Fire and Fury: Inside the Trump White House
Author: Michael Wolff.(wiki link) Publishing year: 2018.
This is an insiders story into Donald Trump’s administration and election.
The story starts with an exposition of how unlikely it was considered for the election to end as they did. Wolff tries to highlight how nobody, not even his own team, thought Donald Trump could win the elections:
“These powerful figures tried to convey a sense of real-world politics, which they all claimed to comprehend at some significantly higher threshold than the soon-to-be president. They were all concerned that Trump did not understand what he was up against, that there was simply not enough method in his madness.”
The book offers some interesting insider’s information about how the president operates out-of-stage. For example, he was moody and complained about the hotel on the inaugural day because he was having a fight with his wife.
Wolff attempts to explain Donald Trump’s world view. It aims to use accurate information and first hand accounts. At the same time, he tries to integrate this view with his background as a sales-person and elaborated stories about how he became a businessman. Further, he tries to highlight the president’s disregard for facts:
“This had led increasingly to the two-different realities theory of Trump politics. In one reality, which encompassed most of Trump’s supporters his nature was understood and appreciated […] In the other reality, in which resided most of his antagonists, his virtues were grievances if not mental and criminal flaws.”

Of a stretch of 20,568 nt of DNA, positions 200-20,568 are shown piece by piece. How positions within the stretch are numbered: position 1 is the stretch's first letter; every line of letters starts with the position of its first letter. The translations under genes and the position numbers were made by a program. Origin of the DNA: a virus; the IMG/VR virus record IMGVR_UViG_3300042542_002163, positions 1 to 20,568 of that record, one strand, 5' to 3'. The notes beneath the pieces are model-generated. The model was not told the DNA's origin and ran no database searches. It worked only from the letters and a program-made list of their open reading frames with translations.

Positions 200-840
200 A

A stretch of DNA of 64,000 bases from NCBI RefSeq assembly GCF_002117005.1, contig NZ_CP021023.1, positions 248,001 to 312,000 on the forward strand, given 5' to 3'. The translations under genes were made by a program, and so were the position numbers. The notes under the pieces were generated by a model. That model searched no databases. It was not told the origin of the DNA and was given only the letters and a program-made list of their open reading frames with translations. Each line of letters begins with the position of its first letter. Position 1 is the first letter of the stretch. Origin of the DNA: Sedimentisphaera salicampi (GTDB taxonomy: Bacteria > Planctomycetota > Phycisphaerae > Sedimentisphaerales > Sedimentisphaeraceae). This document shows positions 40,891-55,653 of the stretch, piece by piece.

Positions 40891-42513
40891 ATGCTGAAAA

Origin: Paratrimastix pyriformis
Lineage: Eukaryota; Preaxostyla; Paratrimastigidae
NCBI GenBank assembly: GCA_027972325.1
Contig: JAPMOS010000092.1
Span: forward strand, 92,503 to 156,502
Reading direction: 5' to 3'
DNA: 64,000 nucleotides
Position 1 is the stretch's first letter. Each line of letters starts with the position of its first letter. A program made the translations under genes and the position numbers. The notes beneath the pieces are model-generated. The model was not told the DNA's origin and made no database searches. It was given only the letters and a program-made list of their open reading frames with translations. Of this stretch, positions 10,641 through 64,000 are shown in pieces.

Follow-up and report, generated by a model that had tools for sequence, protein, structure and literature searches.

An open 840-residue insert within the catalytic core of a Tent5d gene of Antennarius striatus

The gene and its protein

Donald Trump’s Staff
The book presents some of the most prominent figures from Trump’s circle. From Bannon, his senior staffer to Ivanka and Jared, his family. To the author, Bannon is a questionable character. He has a colorful past and unconventional attitude. Appointing Jarred in administration is a controversial choice. His track record business wise is not that great.
His staff saw his style as unconventional, but not alarming. Gradually they grew more accustomed to its peculiarities.
The book briefly covers how the president appoints his staff. Sometimes he did it as favors:
“Trump owed Giuliani, not that he was so terribly focused on his debts, but this was one that was certainly unpaid.”
One of the most prevalent characteristics of this administration is the crusade against media. The book offers details into the twisted justification they are employing to explain their war against the media.
According to Wolff, Trump was never going to get the facts right. Furthermore, he was never going to acknowledge he got them wrong. As a result he was not going to get media approval. Therefore he needed to be aggressively against them:
“… on the most basic level, Trump just did not, as Spicare latter put it, give a fuck. You could tell him whatever you wanted, but he knew what he knew, and if what you said contradicted what he knew, he simply didn’t believe you.”
The book is at times challenging to follow. The story is told in third person, making it a difficult flow. Everybody is described in a negative light. The language is harsh. The book contains a certain sort of dark humor that makes the reader smile. Furthermore, it tries to focus on the ridicule.
Despite this, the overall tone is serious and we can not escape the dark cloud of the consequences that are foreseen. However we should take this read as Michael Wolff’s personal view and opinion.
This book is recommended for those interested in the current political situation of the United States and what lies behind the scenes.
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